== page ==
Australia | Nov 12 2020
This story features COMPUTERSHARE LIMITED. For more info SHARE ANALYSIS: CPU
Computershare's first quarter update received mixed responses, with several issues required to pan out positively to achieve FY21 guidance.
-US shareholder paid fees expected to pick up in the second half
-Concerns regarding another series of lockdowns
-Delinquent loans servicing more of a medium-term opportunity
By Eva Brocklehurst
Volatile items such as strong growth in corporate actions have helped Computershare ((CPU)) perform in the first quarter but it appears a lot needs to fall into place to achieve FY21 guidance.
The company's AGM provided no upgrade to guidance, although the traditional ratio skew to the second half was pegged back a little to 42:58 from 40:60, reaffirming embedded views regarding the outlook.
On balance, Morgan Stanley found the update positive, supporting its view that earnings per share (EPS) can beat guidance. New client wins in issuer services are ahead of expectations, which the broker asserts is a recurring benefit.
Yet Citi assesses the year ahead will be challenging, with a number of unavoidable headwinds likely to crystallise. While guidance remains plausible it requires a very strong second half and perfect delivery on cost reductions.
Computershare has signalled management EPS is likely to be down around -11% and ex-margin income up around 10%. Margin income is on track for US$100m in FY21. It appears to Morgans the year has started in a positive way, and while the lack of any upgrade could be construed as negative this could just be Computershare taking a conservative stance.
Goldman Sachs agrees many aspects of guidance are tracking to plan, particularly margin income. Those segments that are in line with expectations include corporate actions, share plans and issuer services.
While shareholder paid fees in the US were weak to start the year, the company envisages an opportunity for this to pick up into the second half. This weakness, Goldman Sachs notes, comes despite a market rally that has been skewed towards the tech sector.
Computershare has raised some concerns regarding another series of lockdowns in many of its key regions, which is largely related to the extension of the US mortgage foreclosure moratorium. The extension of the restriction on foreclosures to December 31, 2020 has postponed some mortgage servicing ancillary revenue into the second half.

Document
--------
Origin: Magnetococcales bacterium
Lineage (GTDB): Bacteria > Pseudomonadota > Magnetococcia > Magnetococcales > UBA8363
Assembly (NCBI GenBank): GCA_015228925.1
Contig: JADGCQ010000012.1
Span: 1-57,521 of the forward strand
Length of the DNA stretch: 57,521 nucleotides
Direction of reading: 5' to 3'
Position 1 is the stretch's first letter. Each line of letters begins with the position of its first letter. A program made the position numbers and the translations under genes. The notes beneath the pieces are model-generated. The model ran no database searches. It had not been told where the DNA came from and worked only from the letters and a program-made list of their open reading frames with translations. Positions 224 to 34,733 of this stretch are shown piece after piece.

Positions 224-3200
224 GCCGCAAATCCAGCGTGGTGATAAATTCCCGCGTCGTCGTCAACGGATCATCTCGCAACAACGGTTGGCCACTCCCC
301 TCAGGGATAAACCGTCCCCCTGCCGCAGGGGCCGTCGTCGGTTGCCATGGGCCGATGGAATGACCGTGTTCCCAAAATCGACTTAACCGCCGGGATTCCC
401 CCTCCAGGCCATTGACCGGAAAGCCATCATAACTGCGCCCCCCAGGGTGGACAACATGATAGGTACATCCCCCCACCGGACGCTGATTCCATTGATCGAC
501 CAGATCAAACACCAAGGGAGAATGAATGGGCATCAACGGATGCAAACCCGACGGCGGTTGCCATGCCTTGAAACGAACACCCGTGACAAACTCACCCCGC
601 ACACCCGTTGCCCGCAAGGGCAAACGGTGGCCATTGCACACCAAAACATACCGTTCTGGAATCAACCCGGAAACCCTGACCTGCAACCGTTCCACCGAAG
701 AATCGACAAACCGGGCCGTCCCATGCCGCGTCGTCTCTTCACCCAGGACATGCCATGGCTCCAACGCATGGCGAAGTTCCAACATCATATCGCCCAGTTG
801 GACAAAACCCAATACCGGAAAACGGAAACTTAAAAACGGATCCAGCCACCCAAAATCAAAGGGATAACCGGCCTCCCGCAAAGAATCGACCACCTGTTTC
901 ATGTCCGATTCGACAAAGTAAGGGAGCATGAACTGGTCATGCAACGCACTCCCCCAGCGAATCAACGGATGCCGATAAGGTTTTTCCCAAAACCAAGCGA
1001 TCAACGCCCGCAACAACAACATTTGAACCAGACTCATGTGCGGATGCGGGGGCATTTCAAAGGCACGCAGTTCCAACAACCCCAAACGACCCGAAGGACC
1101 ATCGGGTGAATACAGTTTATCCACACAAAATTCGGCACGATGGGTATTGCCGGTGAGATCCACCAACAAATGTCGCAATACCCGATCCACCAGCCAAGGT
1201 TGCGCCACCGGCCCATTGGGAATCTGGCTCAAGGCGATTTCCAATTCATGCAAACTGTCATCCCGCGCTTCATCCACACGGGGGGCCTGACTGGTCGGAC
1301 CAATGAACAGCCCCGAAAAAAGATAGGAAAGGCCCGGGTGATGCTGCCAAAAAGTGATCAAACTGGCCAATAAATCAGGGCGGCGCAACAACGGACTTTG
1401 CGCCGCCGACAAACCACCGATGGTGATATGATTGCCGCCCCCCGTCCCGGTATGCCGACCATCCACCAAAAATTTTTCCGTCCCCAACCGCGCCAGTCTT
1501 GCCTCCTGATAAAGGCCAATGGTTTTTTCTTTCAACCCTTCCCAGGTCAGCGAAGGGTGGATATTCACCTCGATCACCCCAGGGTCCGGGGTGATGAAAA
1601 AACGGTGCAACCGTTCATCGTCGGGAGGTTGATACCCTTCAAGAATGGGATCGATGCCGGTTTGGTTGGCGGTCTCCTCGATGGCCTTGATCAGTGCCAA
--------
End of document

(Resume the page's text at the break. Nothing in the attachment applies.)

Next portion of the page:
This is the most obvious risk to the short-term, in Goldman Sachs' view, although the extent to which delivery of a coronavirus vaccine builds corporate confidence should help even out the risks.
Ord Minnett agrees Computershare may benefit from market confidence in a vaccine, given the business suffered sharply at the onset of the pandemic. Yet much of that early pressure came from lower interest rates and problems with mortgage servicing, neither of which appears to be improving in the short term.
Citi suspects the second half is still including stretched targets and the extension of the US foreclosure restrictions makes targets even harder to achieve. The broker also envisages a risk that the boost from delinquent mortgage servicing in FY22 may not be as strong as previously expected.
Delinquent servicing is hard to predict but it appears the level of delinquent loans will rise in the US in the third quarter. This should provide relatively lucrative sub-servicing opportunities but Citi asserts this is likely to be more of a medium-term opportunity. Hence, the broker cuts EPS estimates by -3% for FY22 and FY23.
In addition, excluding the impact of margin income, underlying earnings in the second half need to rise 45% to meet guidance. While understandably this will be cycling the comparison with the outbreak of the pandemic, and may be helped by a recovery in US shareholder paid fees, Citi still envisages the targets difficult to achieve.
Improved corporate actions in Hong Kong and capital raisings in the UK were the main source of the better-than-expected performance in the first quarter. Citi acknowledges this is helpful but believes corporate actions are less of a swing factor than the market would like to believe.
Ord Minnett agrees that despite a reduced seasonal skew to the second half and the company's assertion that trends over the first four months are running slightly ahead of budget, guidance remains difficult to achieve.
Historically, the company has struggled to grow EPS excluding margin income and guidance implies growth in this aspect in the second half of 33%. The broker accepts there are higher corporate actions in the UK and Hong Kong and higher trading volumes in share plans, along with the client wins and issuer services, yet the revenue from US foreclosures is expected to remain weak.
Overall, CLSA acknowledges Computershare could be under-promising and there are growth opportunities in corporate actions, share plans revenue and US issuer services. Still, the broker considers the valuation stretched and, not one of the seven stockbrokers monitored daily on the FNArena database, reiterates an Underperform rating with a target of $13.30.
At the other end of the spectrum, Goldman Sachs, also not one of the seven, retains a Buy rating with a $14.42 target. The database has three Buy ratings, two Hold and two Sell. The consensus target is $13.43, signalling -5.3% downside to the last share price. Targets range from $10.75 (Ord Minnett) to $15.75 (Morgan Stanley).
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